The renovation of this century-old midtown Toronto residence for an empty-nester couple converts it into a warm, modern, light-filled space that welcomes the sky, sun and the gardens on the property. Three dormers – added to the front, back and side – create additional space and height within the house, while providing views out that induce a sensation of hovering in the trees. Oversized and built in a modern idiom, the dormers crisply articulate the façades while referencing the traditional roof forms of the surrounding streetscape.
The interior spaces flow seamlessly into each another. On the ground floor, the open kitchen merges with the dining and living spaces, an environment perfectly suited to casual entertaining. A fluid connection between interior and exterior is achieved through the completely glazed rear wall of the ground floor.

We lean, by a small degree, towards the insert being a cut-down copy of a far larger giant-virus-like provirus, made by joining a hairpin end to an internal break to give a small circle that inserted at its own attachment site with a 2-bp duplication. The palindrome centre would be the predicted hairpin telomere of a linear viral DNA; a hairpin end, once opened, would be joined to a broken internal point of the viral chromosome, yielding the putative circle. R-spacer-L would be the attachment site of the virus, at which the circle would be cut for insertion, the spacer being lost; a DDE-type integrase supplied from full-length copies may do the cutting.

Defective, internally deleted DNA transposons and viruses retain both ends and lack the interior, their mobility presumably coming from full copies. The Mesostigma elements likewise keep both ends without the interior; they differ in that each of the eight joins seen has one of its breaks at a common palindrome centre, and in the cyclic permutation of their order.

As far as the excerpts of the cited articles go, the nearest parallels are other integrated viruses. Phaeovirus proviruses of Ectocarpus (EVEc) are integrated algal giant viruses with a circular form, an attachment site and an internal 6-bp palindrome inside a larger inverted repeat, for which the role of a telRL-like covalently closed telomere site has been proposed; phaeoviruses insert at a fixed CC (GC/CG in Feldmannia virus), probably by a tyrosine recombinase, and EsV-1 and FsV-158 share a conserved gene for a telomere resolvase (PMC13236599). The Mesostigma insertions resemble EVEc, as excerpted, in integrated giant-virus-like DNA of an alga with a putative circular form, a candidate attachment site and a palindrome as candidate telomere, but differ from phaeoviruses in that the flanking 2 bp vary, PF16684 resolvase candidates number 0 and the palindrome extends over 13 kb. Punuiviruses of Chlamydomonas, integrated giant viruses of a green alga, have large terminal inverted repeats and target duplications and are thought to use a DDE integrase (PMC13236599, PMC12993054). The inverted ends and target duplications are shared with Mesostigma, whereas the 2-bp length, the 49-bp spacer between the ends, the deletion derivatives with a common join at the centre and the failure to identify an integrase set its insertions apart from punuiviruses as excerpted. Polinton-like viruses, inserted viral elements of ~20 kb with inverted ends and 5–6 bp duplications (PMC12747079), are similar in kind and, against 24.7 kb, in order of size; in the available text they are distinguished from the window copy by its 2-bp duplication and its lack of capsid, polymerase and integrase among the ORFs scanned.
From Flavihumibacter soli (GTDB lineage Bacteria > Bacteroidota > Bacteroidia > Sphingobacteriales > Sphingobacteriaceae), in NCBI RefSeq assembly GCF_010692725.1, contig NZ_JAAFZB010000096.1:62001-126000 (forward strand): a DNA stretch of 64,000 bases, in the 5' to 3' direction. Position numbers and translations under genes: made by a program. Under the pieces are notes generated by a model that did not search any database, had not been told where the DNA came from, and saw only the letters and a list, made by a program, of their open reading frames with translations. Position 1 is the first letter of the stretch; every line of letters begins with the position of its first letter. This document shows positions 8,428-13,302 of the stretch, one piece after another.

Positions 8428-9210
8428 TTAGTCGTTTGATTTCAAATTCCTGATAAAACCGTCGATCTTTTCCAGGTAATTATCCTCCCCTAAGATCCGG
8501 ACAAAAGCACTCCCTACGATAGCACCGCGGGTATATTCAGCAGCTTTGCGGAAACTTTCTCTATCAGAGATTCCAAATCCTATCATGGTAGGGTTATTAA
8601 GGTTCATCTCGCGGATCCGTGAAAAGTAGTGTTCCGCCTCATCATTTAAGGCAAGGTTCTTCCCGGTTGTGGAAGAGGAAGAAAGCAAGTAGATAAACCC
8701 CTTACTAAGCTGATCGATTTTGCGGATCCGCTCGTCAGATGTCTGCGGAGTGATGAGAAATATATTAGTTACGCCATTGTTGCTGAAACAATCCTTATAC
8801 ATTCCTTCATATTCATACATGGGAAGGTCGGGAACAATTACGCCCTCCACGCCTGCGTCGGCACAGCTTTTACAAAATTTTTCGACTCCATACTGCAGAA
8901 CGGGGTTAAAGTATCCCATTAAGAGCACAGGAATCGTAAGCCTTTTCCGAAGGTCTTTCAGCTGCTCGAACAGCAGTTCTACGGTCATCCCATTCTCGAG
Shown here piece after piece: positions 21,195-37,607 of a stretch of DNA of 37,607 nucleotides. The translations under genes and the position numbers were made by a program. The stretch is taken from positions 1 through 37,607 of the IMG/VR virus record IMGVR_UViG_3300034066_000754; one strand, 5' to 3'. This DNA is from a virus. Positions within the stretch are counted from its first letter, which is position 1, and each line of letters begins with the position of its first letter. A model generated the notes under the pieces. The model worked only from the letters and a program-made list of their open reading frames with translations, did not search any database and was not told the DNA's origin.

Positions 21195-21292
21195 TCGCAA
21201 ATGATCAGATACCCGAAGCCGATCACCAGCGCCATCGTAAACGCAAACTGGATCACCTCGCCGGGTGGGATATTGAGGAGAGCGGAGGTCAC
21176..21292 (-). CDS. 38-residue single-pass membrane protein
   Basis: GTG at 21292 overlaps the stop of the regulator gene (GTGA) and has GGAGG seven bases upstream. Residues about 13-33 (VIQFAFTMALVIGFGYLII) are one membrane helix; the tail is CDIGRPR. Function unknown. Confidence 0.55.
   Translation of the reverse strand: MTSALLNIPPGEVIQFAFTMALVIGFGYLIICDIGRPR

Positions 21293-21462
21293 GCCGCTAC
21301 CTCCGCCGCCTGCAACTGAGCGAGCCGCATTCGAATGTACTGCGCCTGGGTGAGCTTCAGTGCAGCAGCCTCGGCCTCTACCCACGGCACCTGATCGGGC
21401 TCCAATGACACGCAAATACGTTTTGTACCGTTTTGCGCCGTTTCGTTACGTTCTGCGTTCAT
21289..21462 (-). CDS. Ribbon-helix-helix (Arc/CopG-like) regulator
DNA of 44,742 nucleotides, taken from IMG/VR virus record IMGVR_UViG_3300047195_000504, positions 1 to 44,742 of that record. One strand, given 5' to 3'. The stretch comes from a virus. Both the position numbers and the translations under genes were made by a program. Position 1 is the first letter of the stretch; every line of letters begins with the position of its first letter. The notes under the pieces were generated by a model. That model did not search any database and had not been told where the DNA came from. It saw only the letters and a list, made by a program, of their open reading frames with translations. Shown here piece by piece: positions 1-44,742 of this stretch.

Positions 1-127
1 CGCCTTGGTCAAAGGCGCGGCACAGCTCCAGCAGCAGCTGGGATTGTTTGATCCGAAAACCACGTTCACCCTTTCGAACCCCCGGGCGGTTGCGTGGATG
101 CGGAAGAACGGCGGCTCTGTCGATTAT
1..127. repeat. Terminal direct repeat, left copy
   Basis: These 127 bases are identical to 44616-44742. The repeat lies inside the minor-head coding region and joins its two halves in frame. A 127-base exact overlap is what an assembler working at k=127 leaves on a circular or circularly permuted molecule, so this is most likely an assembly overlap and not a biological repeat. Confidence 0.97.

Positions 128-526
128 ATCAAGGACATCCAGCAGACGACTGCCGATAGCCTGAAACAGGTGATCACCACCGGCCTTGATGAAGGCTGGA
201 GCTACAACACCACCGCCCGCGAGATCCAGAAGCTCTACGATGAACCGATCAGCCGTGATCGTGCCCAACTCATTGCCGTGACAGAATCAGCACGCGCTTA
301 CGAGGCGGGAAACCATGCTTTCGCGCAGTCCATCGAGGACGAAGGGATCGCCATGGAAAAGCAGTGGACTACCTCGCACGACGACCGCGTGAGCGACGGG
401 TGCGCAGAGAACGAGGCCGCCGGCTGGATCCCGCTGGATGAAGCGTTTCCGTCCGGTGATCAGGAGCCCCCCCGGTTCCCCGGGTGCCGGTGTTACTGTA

Ultimate spatial flexibility is provided through large interior partitions that either pivot or discreetly slide together or apart according to need. Conventionally scaled doors are done away with and replaced with large wall panels that swing open or closed. Because of the inherent flexibility, the attic space is easily converted into a semi-private guest suite or apartment – perfect for the clients’ adult daughter to inhabit when she returns home for visits.
A particular emphasis on natural light and establishing a direct connection to the outdoors culminates in the central atrium, where a top-floor skylight enables the interior spaces on all three storeys to be bathed in golden light.
Images: James Brittain